Roy Keane was unequivocal in his expectation that the Republic of Ireland will qualify for next year's World Cup. "Underdogs? No, I don't think so. Not at Lansdowne Road," the former captain said in the wake of the patchy 2-0 victory over the Faroe Islands which saw the Irish finally creep to the head of Group Four.
Keane's claim was in reference to the games to come this autumn in Dublin against France and Switzerland. "We're top of the group," he added "but from the early days in any qualification I always thought it would come down to what we do at home to France and Switzerland, and that's the way it's panning out."
Keane is undoubtedly correct although Ireland know - following the damaging draws away and at home to Israel - that they go into the matches needing to win at least one and probably both. And this for a nation which has not beaten any team ranked more highly than Albania in a competitive match in the last three years.
They also go into the first of those games - against France in September - with seven players, Keane included, on yellow cards. None can afford to be missing later in the campaign but the Manchester United midfielder insisted that Ireland would be in better shape nevertheless. They would have hoped to have been in a better position also. "But if you ask the other countries, then they would say exactly the same," the 33-year-old said. "You have to earn the right to qualify for these tournaments. What's needed is to do better against France."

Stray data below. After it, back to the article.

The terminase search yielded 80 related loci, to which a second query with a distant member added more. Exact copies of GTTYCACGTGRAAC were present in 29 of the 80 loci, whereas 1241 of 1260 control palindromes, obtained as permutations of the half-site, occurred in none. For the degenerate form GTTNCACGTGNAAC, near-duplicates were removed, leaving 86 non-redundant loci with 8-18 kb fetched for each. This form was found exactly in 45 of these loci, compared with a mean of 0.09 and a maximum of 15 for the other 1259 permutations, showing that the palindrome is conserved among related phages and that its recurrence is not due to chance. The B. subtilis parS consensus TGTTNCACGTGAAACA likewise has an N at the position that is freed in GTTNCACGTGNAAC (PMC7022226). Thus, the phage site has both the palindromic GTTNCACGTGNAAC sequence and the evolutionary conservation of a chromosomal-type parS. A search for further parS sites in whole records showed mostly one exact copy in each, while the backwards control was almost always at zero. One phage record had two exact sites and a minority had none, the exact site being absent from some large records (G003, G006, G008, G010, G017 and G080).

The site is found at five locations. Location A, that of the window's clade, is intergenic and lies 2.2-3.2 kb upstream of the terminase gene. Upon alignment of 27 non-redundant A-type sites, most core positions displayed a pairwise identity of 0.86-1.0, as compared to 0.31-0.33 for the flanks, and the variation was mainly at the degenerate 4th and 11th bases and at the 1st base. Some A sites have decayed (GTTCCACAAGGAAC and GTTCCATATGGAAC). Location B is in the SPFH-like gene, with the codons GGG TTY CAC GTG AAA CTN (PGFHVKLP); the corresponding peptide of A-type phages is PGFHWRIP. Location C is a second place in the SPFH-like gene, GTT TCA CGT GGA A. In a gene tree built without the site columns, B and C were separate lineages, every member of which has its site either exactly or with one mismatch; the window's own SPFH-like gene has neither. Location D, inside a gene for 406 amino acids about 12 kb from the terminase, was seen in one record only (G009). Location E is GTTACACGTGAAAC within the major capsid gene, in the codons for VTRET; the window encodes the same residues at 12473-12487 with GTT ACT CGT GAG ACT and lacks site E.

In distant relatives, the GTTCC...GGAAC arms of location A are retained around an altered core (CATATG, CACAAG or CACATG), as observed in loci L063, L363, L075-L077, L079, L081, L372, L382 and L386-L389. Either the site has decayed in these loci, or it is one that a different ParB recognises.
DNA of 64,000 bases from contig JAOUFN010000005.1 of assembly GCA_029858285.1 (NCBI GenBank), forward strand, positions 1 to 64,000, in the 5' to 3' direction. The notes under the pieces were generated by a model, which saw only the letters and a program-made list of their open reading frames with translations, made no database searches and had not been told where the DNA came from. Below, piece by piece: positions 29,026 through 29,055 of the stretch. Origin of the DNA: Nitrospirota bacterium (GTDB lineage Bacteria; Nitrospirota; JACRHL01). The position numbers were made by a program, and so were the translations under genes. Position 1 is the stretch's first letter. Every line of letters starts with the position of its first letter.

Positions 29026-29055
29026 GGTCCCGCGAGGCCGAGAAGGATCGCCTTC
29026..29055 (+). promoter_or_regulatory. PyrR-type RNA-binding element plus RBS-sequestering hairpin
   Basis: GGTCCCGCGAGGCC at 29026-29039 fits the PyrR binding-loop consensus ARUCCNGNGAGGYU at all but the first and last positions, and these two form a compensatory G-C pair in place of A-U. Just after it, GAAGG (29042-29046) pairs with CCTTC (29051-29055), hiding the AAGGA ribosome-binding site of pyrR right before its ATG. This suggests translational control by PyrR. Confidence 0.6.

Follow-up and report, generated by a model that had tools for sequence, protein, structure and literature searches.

Beating the Faroes was the minimum requirement, especially after dropping points to the Israelis, who have turned this group into a four-horse race. "The players, Brian [Kerr, the manager] and the staff will have been disappointed, but the expectations are higher now," Keane, who was suspended against Israel, said. "The criticism was harsh but there's a good bond and hopefully that came through in difficult conditions when on many occasions we've not maybe produced."
However, the man who has done more than most to raise those expectations, added of Wednesday's victory: "Let's put it into perspective, it was the Faroe Islands. We should be expecting to beat these countries with the players we have." In the end the Irish had to depend - in difficult conditions which led to them being fog-bound for an extra night - on a second-half penalty from Ian Harte and a deflected goal by Kevin Kilbane.
There was also the promise of a competitive debut by the 21-year-old Stephen Elliott. "Hopefully I've made an impact, but I still think there's a lot more to be done in the group," the Sunderland striker said. Everyone in Ireland is acutely aware of that.
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